Pensions under Ageing Populations and the EU Stability and Growth Pact

The Economic Policy Committee and European Commission (2006a,b) projects an average increase by 2050 in ageing-related expenditures of at least 5 percentage points of GDP in half of the EU Member States. , If these were to be financed from current tax revenues, statutory tax rates would have to increase by at least 8 to 10 percentage points. Moreover, the projected averages hide a wide range of variation across countries.

According to the EU Treaty countries should comply with the principle of sound public finances. In addition, the Treaty lays out an Excessive Deficit Procedure (EDP) with reference values for deficits (3% of GDP) and debt (60% of GDP). Even so, some countries believed that all this would still not be sufficient guarantee for the ECB to be able to operate independently and achieve price stability. This fear resulted in the Stability and Growth Pact (SGP). The “preventive arm” of the SGP aims at avoiding excessive deficits by requiring countries to strive for a medium run budget that is close to balance or in surplus. The other, “corrective arm” makes the Treaty-based EDP operational. The SGP was revised in March 2005 after failure to uphold it. As part of the revision, public debt and sustainability receive now more emphasis. This is also the case for structural reforms, including pension reforms.

We construct an (overlapping generations) model calibrated to the average EU projections to provide numerical illustrations of public debt, deficit and implicit pension liabilities under different pension and fiscal arrangements, with explicit attention to a transition towards (partial) funding that might be required for intergenerational equity. To this end, the model provides a benchmark that we term actuarial neutrality, under which each working generation pays, in present value terms, for its own future pensions. In other words, the balance of pension contributions and benefits of each generation is fully separated from the characteristics and pension policy choices of other generations. For example, if life expectancy increases, tax payments should increase, while the opposite is the case when the retirement age is raised. We highlight in particular the “Implicit Pension Debt” (IPD), defined as the accrued-to-date pension liabilities. The IPD distinguishes these from pension rights to be accrued in the future.

We calibrate our model and compare the budgetary outcomes to the restrictions imposed by the SGP. Some of the results are highlighted here. First, pay-as-you-go (PAYG) systems do not, in general, comply with actuarial neutrality but tend to shift an increasing burden to future generations.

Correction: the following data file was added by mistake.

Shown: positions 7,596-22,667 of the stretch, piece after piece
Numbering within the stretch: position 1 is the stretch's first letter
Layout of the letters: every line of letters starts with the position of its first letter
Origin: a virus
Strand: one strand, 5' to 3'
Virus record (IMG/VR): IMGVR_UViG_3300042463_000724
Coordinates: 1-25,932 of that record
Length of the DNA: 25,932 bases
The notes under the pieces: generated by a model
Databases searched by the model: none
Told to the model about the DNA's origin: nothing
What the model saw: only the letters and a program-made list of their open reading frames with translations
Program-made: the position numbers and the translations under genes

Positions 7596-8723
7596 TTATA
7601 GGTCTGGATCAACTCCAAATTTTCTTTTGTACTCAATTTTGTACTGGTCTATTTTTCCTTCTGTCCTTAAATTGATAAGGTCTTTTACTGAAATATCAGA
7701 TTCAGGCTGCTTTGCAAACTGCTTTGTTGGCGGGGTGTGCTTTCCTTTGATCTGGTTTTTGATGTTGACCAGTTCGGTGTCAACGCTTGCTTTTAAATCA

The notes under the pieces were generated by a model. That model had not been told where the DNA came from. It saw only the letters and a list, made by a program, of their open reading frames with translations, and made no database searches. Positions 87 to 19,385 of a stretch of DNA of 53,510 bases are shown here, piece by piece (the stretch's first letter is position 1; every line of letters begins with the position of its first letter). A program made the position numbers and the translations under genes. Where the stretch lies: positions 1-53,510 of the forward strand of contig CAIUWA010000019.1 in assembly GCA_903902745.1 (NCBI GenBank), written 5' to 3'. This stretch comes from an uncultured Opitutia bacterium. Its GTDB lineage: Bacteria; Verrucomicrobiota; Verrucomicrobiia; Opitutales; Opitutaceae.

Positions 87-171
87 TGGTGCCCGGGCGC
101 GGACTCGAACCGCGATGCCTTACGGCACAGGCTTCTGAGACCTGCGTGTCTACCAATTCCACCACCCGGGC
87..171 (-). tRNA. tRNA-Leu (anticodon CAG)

Second, as long as a mono-pillar public pension system is maintained, our baseline with actuarial neutrality implies that the target should be a budget surplus of 2.5% of GDP for several decades, resulting in a long-run net public asset position of 60% of GDP – see Table 1.

Third, as Table 1 shows, a one-third privatisation of the pension system produces a 2.9% of GDP average deficit over the first 30 years, while combined with a one-and-a-half-year increase in working life over this period it produces an average yearly deficit of 3.5% (not shown in the table). With privatisation, tax payments of workers to the government fall, because their future pension will no longer be entirely financed from public assets but partly out of a private pension fund (the workers start paying premiums to the private fund). However, existing retirees still need to be paid their pension. With tax revenues falling relative to pension expenditure, the government will be running a deficit and public debt will increase.

Fourth, we also combine pension expenditures with other ageing-related expenditures, in particular health-care and long-term care expenditures. Also, these expenditures can be expected to rise substantially over the coming decades. Table 2 combines pensions under actuarial neutrality, a moderate retirement-age increase (by two years over the coming two generations), a net pension accrual rate reduction to 48% and a pro rata 4% increase in health- and long-term-care expenditures for both the younger and the elderly per period. This scenario combines a number of plausible changes in the benefit rules with projections made by the Economic Policy Committee and European Commission (2006a,b). The government deficit moves from the initial 1.9% of GDP deficit to a surplus of 1.6% over 60 years, while explicit debt declines by 100% of GDP over two generations. Clearly, this (plausible) scenario requires the government to take substantial measures to tighten its budget over a very long period.